Review: Through a Screen Darkly

Messy and complicated meets just plain absurdity in this New Creative piece

Review: Through a Screen Darkly

You can watch Through a Screen Darkly here

Through a Screen Darkly is a short film by Zac Spearman. It follows a young woman who works at a social media moderation company, but the film completely misses the mark when it comes to impact or making any sense whatsoever.

Through a Screen Darkly claims that it explores the fine line between reality and imagination but there was simply no sense of direction, and the lack of dialogue made the story erratic and too confusing to even think about picking apart. As well as this, considering the film is set at a social media company, the technology they are using looks outdated, and given that the film was filmed in 2019 I don't believe this wasn't a wise stylistic choice. It just made the whole film look very basic and amateur. This was further enforced by some questionable acting.

Gothic warning music plays throughout, so whilst you're able to deduce that there will be a dark twist to the ending, I just didn't see the point in any of it. The storyline was completely unclear and didn't hold my attention at all. We saw how the main character was sitting in an office choosing to either accept or decline pictures that were uploaded onto social media. We also see how another employee attends counselling. Perhaps this was a metaphor for the way we base opinions on people through their appearance and online life and the psychological damage this can cause? However, I feel there are many more creative and direct ways to show this, such as using speech and clearer imagery throughout.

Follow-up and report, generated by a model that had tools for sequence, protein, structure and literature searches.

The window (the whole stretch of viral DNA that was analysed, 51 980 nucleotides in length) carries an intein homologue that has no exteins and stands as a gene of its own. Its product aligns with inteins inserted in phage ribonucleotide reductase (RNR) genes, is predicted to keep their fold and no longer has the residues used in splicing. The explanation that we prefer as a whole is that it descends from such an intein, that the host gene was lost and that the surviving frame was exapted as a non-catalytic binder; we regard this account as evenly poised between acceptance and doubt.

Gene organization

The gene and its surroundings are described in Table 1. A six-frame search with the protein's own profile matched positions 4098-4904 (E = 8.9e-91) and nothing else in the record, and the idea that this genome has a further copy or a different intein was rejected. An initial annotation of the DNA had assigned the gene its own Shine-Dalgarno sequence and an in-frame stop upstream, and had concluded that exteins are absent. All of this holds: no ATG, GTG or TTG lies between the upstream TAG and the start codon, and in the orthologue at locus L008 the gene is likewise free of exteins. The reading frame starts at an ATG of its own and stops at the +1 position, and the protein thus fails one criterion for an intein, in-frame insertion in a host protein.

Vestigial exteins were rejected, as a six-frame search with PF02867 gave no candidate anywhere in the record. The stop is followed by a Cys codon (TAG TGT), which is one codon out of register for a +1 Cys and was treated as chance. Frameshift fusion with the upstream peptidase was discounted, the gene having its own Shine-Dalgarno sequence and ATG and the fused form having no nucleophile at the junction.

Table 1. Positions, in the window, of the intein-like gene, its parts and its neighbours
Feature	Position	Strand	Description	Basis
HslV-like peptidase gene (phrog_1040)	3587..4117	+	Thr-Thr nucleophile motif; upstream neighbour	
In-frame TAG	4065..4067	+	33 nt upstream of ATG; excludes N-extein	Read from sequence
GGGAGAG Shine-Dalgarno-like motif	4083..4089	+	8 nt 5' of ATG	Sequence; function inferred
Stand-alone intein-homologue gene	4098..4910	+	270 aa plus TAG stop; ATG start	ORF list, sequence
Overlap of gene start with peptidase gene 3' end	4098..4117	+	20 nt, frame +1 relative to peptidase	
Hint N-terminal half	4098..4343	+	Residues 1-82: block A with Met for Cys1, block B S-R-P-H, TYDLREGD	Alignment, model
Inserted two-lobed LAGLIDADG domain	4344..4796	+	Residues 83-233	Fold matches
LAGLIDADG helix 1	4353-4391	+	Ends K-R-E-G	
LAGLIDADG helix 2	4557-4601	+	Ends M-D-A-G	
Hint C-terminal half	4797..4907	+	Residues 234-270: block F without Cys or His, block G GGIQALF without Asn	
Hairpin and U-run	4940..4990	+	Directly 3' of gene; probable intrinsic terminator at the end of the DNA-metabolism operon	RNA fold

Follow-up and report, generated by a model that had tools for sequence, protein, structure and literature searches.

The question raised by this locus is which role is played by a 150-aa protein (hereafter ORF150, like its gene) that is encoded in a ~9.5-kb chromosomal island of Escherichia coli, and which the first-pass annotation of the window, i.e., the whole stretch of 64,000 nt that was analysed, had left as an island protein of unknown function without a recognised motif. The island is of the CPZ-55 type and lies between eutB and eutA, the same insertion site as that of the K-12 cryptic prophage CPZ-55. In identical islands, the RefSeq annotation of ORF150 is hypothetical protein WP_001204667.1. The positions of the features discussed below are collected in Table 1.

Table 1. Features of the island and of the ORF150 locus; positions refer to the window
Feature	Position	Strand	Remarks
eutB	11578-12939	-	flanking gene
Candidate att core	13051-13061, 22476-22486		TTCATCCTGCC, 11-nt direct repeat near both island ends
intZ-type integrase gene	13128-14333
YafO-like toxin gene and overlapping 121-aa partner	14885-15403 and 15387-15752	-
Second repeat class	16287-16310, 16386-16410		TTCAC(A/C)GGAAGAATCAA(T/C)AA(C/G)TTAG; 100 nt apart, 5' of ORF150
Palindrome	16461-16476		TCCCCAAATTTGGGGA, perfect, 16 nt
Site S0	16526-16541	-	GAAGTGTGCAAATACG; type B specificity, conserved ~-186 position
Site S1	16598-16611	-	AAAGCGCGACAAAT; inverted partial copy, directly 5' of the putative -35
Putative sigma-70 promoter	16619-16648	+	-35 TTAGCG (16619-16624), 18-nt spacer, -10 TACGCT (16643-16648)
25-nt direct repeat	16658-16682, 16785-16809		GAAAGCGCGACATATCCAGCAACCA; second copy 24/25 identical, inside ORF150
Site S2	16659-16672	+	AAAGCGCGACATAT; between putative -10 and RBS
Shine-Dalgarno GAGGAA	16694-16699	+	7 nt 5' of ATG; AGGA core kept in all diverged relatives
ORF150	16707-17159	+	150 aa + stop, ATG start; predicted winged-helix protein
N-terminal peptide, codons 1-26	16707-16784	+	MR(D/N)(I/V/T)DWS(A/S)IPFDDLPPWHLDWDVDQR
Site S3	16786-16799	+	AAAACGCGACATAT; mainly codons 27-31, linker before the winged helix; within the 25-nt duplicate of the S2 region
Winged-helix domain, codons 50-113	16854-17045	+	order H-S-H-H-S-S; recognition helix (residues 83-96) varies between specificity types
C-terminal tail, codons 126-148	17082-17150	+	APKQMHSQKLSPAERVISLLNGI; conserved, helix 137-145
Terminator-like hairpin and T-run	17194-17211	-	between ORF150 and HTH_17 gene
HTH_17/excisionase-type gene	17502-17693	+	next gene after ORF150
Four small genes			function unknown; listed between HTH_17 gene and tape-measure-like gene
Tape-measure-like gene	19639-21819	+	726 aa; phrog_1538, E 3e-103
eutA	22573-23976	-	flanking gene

The film ends with a dramatic twist, but it felt out of place in this film, and made the whole thing feel almost fantastical and rather pointless. In truth, the ending feels as if it was made for another film and the editor got his files mixed up. Zac Spearman fails to convey any kind of real meaning.

Header Image Credit: Screenshot taken from BBC Iplayer


Faith Martin

Faith Martin Kickstart

Faith worked as a freelance journalist for a year after finishing her studies at Portsmouth College, writing for a number of esteemed publications as well as running her own music blog before joining Voice Magazine as a Kickstart Trainee Journalist. An avid vinyl collector and gig-goer, Faith also campaigns for disability rights and better disabled access at live music events.

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